“Queequeg’s interdependent relationship with Ishmael is at the very center of Moby Dick. Their fates are interwoven; Queequeg is Ishmael’s inseparable twin brother.’ In one scene, the harpooner dangles over the water, attached by a cord to Ishmael, so that ‘should poor Queequeg sink to rise no more,’ our narrator would go tumbling into the sea as well.

“At the end of the novel, all the whalemen except Ishmael sink to rise no more. The narrator is saved by a coffin Queequeg had carved for himself, then given to the First Mate to replace a lost lifebuoy. Much about ‘Moby-Dick’ will always remain murky, but this symbolism is clear: To ponder death and prepare for the worst are age-old survival strategies.

“Queequeg’s culture led him to confront the hardest realities of life. As Ishmael notes admiringly, the harpooner had ‘no civilized hypocrisies and bland deceits,’ no tendency toward denial. He had thoroughly enjoyed carving his coffin, and when he lay down in it to check the fit, while suffering from a life-threatening fever, he had shown a perfectly ‘composed countenance.’ ‘It will do,’ he murmured; it is easy.’

“Queequeg’s existentialist determination in the face of dread, his willingness to sacrifice, his caring forethought, made all the difference. And maybe that could be an inspiration. The key to addressing climate change won’t be some abstract injunction to save the planet; it will be about acknowledging interdependence and commonality and accepting responsibility. It will be about returning Queequeg’s favor.” -Aaron Sachs, Professor of History and American Studies at Cornell University

The Conversation



  1. "Hark, ye yet again-- the little lower layer. All visible objects, man, are but as pasteboard masks. But in each event-- in the living act, the undoubted deed-- there, some unknown but still reasoning thing puts forth the moldings of its features from behind the unreasoning mask. If man will strike, strike through the mask! How can the prisoner reach outside except by thrusting through the wall? To me, the white whale is that wall, shoved near to me. Sometimes I think there's naught beyond.”

    -from Herman Melville, Moby Dick: Chapter 36, “The Quarter-Deck” p.144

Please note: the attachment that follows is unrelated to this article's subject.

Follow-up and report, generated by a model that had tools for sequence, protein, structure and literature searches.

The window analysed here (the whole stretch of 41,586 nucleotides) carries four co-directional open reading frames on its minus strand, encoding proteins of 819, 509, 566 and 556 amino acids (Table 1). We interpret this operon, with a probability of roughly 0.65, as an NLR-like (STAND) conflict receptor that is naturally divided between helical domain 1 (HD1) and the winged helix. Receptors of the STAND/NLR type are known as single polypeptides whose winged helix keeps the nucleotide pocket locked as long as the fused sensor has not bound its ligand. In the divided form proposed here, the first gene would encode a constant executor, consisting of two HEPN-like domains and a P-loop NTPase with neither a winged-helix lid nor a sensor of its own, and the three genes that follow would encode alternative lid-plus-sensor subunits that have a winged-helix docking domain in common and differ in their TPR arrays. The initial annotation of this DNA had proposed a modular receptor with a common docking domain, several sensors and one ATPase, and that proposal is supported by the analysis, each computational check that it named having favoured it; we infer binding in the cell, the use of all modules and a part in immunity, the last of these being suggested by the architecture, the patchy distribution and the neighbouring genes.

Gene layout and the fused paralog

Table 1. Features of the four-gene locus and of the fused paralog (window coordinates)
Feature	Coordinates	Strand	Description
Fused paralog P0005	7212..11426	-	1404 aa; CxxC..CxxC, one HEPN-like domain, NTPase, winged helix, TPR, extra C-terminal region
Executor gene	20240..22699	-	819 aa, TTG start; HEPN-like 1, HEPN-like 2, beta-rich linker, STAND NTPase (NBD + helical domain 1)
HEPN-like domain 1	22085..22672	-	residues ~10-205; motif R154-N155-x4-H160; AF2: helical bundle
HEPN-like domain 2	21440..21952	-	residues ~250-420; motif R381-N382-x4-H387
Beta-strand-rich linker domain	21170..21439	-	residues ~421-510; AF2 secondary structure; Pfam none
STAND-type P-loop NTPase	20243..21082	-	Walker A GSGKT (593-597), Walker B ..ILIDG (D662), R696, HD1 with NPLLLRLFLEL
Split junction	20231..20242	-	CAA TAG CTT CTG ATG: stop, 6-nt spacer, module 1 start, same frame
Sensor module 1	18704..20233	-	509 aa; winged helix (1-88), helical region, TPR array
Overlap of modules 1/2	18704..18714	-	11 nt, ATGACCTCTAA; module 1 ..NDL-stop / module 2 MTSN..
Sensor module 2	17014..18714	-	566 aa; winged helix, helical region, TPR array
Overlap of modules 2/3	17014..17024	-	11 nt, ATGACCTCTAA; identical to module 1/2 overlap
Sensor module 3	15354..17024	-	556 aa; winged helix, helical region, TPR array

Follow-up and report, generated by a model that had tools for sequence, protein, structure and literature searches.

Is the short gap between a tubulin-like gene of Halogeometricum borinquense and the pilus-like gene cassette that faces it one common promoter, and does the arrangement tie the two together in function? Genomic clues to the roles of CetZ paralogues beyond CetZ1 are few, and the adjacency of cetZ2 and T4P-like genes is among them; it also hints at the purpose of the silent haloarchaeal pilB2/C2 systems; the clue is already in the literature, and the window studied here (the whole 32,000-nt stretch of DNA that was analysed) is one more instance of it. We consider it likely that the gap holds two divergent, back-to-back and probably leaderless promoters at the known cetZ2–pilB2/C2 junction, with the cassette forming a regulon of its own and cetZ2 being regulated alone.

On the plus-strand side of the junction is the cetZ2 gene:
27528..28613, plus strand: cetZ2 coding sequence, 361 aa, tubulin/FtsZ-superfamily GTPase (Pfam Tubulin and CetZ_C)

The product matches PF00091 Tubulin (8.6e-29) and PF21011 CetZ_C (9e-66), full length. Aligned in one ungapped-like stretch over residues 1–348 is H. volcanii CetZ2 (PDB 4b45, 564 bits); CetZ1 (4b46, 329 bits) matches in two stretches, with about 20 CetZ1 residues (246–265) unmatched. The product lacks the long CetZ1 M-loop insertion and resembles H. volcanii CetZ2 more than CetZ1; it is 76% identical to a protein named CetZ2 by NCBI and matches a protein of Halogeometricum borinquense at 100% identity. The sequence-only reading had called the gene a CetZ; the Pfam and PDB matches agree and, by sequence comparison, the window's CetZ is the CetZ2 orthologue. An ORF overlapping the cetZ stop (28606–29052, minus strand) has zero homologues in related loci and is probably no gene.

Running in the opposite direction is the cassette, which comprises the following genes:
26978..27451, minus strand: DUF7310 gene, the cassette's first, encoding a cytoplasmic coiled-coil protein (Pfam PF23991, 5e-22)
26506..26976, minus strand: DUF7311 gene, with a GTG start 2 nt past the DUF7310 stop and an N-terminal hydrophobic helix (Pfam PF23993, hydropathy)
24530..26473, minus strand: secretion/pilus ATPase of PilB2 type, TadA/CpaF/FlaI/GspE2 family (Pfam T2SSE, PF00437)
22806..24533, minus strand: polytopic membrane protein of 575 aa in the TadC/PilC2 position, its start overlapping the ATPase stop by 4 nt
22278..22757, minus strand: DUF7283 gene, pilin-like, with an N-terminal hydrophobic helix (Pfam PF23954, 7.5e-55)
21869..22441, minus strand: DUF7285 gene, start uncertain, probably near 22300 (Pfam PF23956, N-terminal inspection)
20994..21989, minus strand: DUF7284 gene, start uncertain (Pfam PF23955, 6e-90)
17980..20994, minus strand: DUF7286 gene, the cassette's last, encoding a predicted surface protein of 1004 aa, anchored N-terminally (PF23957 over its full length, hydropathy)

"Is it that by its indefiniteness it shadows forth the heartless voids and immensities of the universe, and thus stabs us from behind with the thought of annihilation, when beholding the white depths of the Milky Way? Or is it, that as in essence whiteness is not so much a color as the visible absence of color, and at the same time the concrete of all colors; is it for these reasons that there is such a dumb blankness, full of meaning, in a wide landscape of snows - a colorless, all-color of atheism from which we shrink? And when we consider that theory of the natural philosophers, that all other earthly hues - every stately or lovely emblazoning - the sweet tinges of sunset skies and woods; yea, and the gilded velvets of butterflies, and the butterfly cheeks of young girls; all these are but subtle deceits, not actually inherent in substances, but only laid on from without; so that all deified Nature absolutely paints like the harlot, whose allurements cover nothing but the charnel-house within; and when we proceed further, and consider that the mystical cosmetic which produces every one of her hues, the great principle of light, forever remains white or colorless in itself, and if operating without medium upon matter, would touch all objects, even tulips and roses, with its own blank tinge - pondering all this, the palsied universe lies before us a leper; and like willful travelers in Lapland, who refuse to wear colored and coloring glasses upon their eyes, so the wretched infidel gazes himself blind at the monumental white shroud that wraps all the prospect around him. And of all these things the Albino Whale was the symbol. Wonder ye then at the fiery hunt?"

    -from Herman Melville, Moby Dick: Chapter 42, “The Whiteness of the Whale” pgs.169-70

  2. It’s not the way I read Moby Dick a long time ago. Queequeg seemed also to embody horror on earth, via the head he carried in a bag and his, sometimes, capricious cruelty. Perhaps conscientious Starbuck is a better choice to use for “caring forethought” and prudent responsibility. Ahab, despite his maddening obsession, revealed a defiance against the purposeless, meaningless world. It was Ahab who had “welded into oneness” his crew with determination, however disastrous it was. The whale was the embodiment of an indifferent, precarious, and inscrutable universe. Among many interpretations, the book can be deemed a parable on the mystery of fortuitous evil and malice harboring within us. Indeed, Queequeg’s “We [heathens] must help these Christians” appears to be quite relevant today.